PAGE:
When I first became a triathlete, I was riding a mountain bike in my first couple of sprints. It was my first large purchase and I had sold it finally to a person who badgered me for a year for it. What replace the mountain bike was my road bike: a Cannondale R400. She was pretty in the traditional sense and had none of the carbon fiber trappings, fancy electronic shifters or flashy frame. She was just a very standard road bike.
With my imminent departure and return to the States, however, I knew I had to sell her. Being realistic, I knew over there, I could get something in my size and it would be more convenient. So I found a buyer and went to take her to the meeting spot.
I got rid of most of my gear so I had no helmet to protect me so on a quiet street, I got on and felt the smooth and well-known feel of that bike underneath me. I swerved swiftly into lanes and dismounted a bit before heavier traffic.
“Goodbye,” I whispered.
At the meet, I told the new owner about all the competitions I did with her and in a sort of sudden break, I felt my eyes water.
“Are you sure you want to sell her?” he had asked.
Yes, I replied. Of course. I can’t take her with me.
Yet, on the way home, after having seen her off with him, I felt myself well up and in the shadows of the quiet streets on my way back, I sobbed. Why? I did not understand. How could I have so much emotion for a bike? But she knew. She was there from the beginning.
She was there on my long rides to Puerto Morelos or Playa. She was there when I got intensely dehydrated and fell asleep as I sat on the side of the road.
She was there when I happy with a man.
She was there when that same man broke my heart and acted like he didn’t know me during competition.
She was there before and after my 35-lbs weight loss.
She cried with me every single time I finished a triathlon and carried me home victorious.
And now she was in the care of someone else.
Her leaving came on the heels of finding out about a friend who had passed on. He was an older gentleman who worked at the Plaza Mexico, selling the Sunday bullfight tickets. He taught me about bullfighting during long afternoons as I sat in front of his booth window and chatted about life on the slower days of ticket sales. Tall, with wispy hair on his head and heavy, pouchy bags under his eyes. To be honest, he looked sickly even before I had left Mexico City and the night before I went to deliver my bike, I thought about him and how nice he was to me. And it dawned upon me that perhaps he was gone.
I remember curling up in bed, shaking with streaming tears, realizing with regret that I had never told him how much I had appreciated his friendship and how much I had loved him. He was a person who took care of me as one of his own.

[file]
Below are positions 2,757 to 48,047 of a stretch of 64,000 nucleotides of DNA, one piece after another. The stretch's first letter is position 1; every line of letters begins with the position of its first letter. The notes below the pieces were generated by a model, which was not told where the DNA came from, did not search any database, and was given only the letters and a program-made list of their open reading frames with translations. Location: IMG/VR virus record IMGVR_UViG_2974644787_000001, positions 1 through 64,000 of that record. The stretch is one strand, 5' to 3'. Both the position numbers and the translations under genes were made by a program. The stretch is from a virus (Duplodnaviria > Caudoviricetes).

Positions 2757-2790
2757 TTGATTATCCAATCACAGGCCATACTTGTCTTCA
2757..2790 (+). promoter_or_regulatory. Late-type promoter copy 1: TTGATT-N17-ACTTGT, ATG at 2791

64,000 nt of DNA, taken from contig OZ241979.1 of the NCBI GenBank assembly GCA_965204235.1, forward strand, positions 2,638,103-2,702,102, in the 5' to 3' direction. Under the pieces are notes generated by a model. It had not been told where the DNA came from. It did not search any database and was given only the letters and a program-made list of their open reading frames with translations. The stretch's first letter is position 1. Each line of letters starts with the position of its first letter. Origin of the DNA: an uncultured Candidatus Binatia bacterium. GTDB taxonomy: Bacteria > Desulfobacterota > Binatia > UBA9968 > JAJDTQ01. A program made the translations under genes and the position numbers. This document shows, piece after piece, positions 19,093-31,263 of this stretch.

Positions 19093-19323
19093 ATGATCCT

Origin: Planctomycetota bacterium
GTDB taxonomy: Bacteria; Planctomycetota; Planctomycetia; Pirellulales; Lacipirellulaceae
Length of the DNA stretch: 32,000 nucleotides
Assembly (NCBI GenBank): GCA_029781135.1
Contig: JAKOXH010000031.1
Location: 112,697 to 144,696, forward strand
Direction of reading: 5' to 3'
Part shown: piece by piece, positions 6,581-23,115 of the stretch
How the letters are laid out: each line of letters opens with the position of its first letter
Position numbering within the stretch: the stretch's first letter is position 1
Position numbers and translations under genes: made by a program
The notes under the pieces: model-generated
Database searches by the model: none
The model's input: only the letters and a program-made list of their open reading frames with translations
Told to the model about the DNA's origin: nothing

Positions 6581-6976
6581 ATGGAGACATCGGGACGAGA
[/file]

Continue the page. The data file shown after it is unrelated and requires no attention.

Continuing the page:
That next day, I wrote to a friend who still worked at the Plaza and asked after Don Jorge. He wrote back telling me he had passed on a year earlier.
Even though I used to always take photos at the Plaza Mexico, I didn’t even have a photo of him.
The sound of a heart breaking is that of strips of tin falling.
It is on this same journey that Kelly leaves as well. We had only met once before in person at a Thanksgiving dinner but strangely enough, we shared a common sense that was the uncommonest of all senses. She and her boyfriend threw a going-away party and amid the errant debauchery of people uninitiated in the ways of drinking for the enjoyment of the drink itself, and not to become biological factories, spewing a fetid mix of greasy food and previously digested alcohol, I found a pocket of solace.
I found it in a can of non-alcoholic Sol Cero beer.
As I drank this strange concoction, which tasted of a baguette in liquid form, I found myself thinking of the future. A future of new beginnings and places. A place where I’d find a new bike and a new home where I can bring my memories and properly honor Don Jorge, and all my dead. It is a place where I can plant seeds, call it “love,” “work” or “travel” and create a space where my goodbyes will turn into hellos. Where the sound of tin will come, not from my heart, but from the wind chime I was given by a well-intentioned friend.
I choose to celebrate the universe and all its wonders. I have made friends with cyber-neighbors who are as close as a key stoke away, yet live far beyond the seas and in countries I’ve never been to. And they too will be there to greet me on the other side of the Rio Bravo, which will be called the Rio Grande once I cross.
My mind wraps itself around the clouds, which have always seemed different to me than clouds I’ve seen in other places. The Wind reminds me with a kiss on the forehead that I am always welcome and the Sun gives me a warm embrace.
I am not ready yet. But I will be.